As we stated above, to add unlike fractions, you must obey all three procedures stated above to transform these unlike denominators into equivalent fractions

### Examples of How to Add Fractions with Unlike Denominators

Here, we will put more emphasis on another example by summing up the following fractions:

1/6+2/3+6/4

As demonstrated, the denominators are distinct, and the least common multiple is 12. Thus, we multiply every fraction by a value to get the denominator of 12.

1/6 * 2 = 2/12

2/3 * 4 = 8/12

6/4 * 3 = 18/12

Now that all the fractions have a common denominator, we will go forward to total the numerators:

2/12 + 8/12 + 18/12 = 28/12

We simplify the fraction by splitting the numerator and denominator by 4, concluding with a ultimate answer of 7/3.

## Adding Mixed Numbers

We have discussed like and unlike fractions, but now we will touch upon mixed fractions. These are fractions followed by whole numbers.

### The Steps to Adding Mixed Numbers

To figure out addition problems with mixed numbers, you must initiate by turning the mixed number into a fraction. Here are the procedures and keep reading for an example.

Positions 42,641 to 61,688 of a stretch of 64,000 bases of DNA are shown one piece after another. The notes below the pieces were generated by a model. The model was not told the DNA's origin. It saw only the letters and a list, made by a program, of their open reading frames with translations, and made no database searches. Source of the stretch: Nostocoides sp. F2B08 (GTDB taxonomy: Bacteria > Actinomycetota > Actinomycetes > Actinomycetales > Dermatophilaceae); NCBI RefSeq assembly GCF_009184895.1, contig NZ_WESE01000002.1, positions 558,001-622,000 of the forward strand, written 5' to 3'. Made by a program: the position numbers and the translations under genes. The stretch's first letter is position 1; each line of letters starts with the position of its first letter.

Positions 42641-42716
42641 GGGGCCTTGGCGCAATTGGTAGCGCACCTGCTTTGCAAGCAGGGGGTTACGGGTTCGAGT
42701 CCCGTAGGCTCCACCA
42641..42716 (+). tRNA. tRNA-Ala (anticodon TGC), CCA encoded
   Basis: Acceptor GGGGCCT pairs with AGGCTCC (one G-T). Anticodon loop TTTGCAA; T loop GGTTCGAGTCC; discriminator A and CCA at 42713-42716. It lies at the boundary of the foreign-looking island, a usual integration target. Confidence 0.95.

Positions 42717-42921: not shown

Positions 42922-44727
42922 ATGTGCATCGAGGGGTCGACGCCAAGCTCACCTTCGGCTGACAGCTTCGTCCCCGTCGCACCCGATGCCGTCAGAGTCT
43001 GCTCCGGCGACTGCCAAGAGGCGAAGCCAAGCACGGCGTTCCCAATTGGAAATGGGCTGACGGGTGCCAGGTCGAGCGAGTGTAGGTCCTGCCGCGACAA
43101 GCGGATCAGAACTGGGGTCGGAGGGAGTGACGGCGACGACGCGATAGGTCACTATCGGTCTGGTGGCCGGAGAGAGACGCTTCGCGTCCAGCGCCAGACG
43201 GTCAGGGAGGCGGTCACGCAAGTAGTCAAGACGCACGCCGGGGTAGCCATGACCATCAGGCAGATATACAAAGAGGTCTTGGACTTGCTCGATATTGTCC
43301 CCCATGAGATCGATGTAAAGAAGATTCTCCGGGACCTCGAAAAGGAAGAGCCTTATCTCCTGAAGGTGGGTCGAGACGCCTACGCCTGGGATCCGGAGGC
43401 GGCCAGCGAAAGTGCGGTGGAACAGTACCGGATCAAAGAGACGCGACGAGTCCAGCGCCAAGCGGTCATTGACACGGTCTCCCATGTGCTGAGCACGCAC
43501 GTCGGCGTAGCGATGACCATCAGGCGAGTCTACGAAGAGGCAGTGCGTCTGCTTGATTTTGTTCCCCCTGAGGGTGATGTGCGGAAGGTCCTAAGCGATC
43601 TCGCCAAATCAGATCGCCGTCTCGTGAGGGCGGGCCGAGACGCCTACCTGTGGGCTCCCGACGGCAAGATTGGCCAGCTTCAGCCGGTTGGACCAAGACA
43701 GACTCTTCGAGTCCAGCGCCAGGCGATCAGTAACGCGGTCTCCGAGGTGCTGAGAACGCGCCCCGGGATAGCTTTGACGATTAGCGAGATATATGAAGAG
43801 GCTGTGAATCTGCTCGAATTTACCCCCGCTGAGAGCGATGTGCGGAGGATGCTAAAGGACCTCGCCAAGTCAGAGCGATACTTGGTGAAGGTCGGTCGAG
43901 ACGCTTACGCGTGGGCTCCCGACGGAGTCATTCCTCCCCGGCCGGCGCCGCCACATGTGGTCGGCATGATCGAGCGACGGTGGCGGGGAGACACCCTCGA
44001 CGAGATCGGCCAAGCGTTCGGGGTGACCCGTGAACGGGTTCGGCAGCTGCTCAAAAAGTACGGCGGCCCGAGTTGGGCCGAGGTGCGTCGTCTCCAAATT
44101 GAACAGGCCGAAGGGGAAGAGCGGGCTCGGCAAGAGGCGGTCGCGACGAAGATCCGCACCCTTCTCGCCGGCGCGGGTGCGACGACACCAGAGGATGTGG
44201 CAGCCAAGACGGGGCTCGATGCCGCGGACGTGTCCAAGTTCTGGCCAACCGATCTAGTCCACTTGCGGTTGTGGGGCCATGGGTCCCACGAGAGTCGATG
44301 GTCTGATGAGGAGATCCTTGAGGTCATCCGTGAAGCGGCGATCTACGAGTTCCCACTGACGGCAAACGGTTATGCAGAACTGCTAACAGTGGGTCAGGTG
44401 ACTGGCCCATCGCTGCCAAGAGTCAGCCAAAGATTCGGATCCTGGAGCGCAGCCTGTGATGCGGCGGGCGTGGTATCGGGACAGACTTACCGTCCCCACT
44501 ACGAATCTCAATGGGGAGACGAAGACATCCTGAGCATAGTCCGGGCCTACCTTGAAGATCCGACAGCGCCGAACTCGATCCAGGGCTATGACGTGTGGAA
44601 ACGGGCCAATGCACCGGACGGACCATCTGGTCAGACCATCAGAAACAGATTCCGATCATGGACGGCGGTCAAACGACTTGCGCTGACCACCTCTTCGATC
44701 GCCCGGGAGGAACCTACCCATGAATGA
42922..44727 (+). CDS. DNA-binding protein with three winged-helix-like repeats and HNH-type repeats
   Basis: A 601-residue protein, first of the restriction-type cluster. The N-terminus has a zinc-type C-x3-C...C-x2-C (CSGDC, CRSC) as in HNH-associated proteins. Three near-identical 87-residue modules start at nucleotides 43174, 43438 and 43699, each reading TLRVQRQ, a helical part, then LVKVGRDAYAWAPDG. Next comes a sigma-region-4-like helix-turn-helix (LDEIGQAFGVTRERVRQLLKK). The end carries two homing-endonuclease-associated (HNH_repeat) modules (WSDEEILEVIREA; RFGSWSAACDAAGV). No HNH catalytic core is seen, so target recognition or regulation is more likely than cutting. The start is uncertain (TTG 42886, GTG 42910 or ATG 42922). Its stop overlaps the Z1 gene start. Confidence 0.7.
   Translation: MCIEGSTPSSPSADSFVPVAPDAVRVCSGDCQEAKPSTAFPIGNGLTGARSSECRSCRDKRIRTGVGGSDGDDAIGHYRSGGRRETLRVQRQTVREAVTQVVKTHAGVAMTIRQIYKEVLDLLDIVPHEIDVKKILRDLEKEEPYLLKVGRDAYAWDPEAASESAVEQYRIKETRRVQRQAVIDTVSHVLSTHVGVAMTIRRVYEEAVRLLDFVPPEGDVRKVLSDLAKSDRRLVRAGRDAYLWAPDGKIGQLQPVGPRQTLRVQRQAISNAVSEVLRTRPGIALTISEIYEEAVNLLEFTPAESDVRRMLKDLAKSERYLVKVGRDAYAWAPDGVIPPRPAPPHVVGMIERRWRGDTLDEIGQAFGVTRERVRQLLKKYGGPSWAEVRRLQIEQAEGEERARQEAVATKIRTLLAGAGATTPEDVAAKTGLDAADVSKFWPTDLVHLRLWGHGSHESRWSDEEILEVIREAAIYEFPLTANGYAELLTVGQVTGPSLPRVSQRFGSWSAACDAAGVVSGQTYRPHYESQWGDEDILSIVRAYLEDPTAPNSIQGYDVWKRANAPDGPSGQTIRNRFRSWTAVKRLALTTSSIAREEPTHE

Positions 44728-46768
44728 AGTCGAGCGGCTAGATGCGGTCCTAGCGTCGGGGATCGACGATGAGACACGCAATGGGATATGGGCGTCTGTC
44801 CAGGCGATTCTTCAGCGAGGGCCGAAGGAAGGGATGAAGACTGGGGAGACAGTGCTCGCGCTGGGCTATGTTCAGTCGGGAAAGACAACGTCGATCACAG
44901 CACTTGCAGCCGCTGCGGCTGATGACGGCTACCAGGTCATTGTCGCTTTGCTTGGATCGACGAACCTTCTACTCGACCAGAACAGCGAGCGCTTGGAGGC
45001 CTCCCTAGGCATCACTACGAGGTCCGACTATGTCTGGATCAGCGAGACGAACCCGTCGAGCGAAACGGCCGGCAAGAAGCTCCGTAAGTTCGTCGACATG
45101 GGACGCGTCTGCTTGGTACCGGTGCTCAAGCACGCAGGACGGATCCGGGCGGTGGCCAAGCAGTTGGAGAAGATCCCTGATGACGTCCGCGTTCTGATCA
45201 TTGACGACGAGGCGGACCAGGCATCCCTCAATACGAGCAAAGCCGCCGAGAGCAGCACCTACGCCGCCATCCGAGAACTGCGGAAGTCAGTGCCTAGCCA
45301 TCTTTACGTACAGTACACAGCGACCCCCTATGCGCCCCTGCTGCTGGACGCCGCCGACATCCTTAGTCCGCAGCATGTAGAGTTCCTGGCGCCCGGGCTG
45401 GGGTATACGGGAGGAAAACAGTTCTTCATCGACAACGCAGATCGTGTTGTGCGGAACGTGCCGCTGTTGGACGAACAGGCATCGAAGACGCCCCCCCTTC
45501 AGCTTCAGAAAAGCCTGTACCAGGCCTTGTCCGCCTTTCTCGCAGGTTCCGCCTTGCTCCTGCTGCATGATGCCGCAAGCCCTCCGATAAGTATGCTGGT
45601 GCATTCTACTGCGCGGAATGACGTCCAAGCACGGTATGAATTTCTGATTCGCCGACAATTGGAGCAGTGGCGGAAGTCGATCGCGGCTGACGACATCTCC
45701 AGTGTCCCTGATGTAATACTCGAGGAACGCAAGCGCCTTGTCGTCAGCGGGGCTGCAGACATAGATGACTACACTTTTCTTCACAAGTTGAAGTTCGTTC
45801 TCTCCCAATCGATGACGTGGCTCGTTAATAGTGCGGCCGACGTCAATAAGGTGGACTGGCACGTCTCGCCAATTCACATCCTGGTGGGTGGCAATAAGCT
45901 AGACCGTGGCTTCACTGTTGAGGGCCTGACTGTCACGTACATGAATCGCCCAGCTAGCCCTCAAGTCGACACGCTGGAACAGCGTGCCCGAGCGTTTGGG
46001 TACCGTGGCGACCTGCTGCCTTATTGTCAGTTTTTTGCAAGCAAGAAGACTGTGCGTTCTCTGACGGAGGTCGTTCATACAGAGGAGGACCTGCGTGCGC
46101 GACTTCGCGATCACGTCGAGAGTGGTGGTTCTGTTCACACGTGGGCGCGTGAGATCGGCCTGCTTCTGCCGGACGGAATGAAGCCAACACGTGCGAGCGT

#### Step 1

Multiply the whole number by the numerator

#### Step 2

Add that number to the numerator.

#### Step 3

Note down your result as a numerator and retain the denominator.

Now, you go ahead by adding these unlike fractions as you normally would.

### Examples of How to Add Mixed Numbers

As an example, we will work out 1 3/4 + 5/4.

Foremost, let’s convert the mixed number into a fraction. You are required to multiply the whole number by the denominator, which is 4. 1 = 4/4

Next, add the whole number represented as a fraction to the other fraction in the mixed number.

4/4 + 3/4 = 7/4

You will end up with this result:

7/4 + 5/4

By summing the numerators with the same denominator, we will have a ultimate answer of 12/4. We simplify the fraction by dividing both the numerator and denominator by 4, resulting in 3 as a conclusive answer.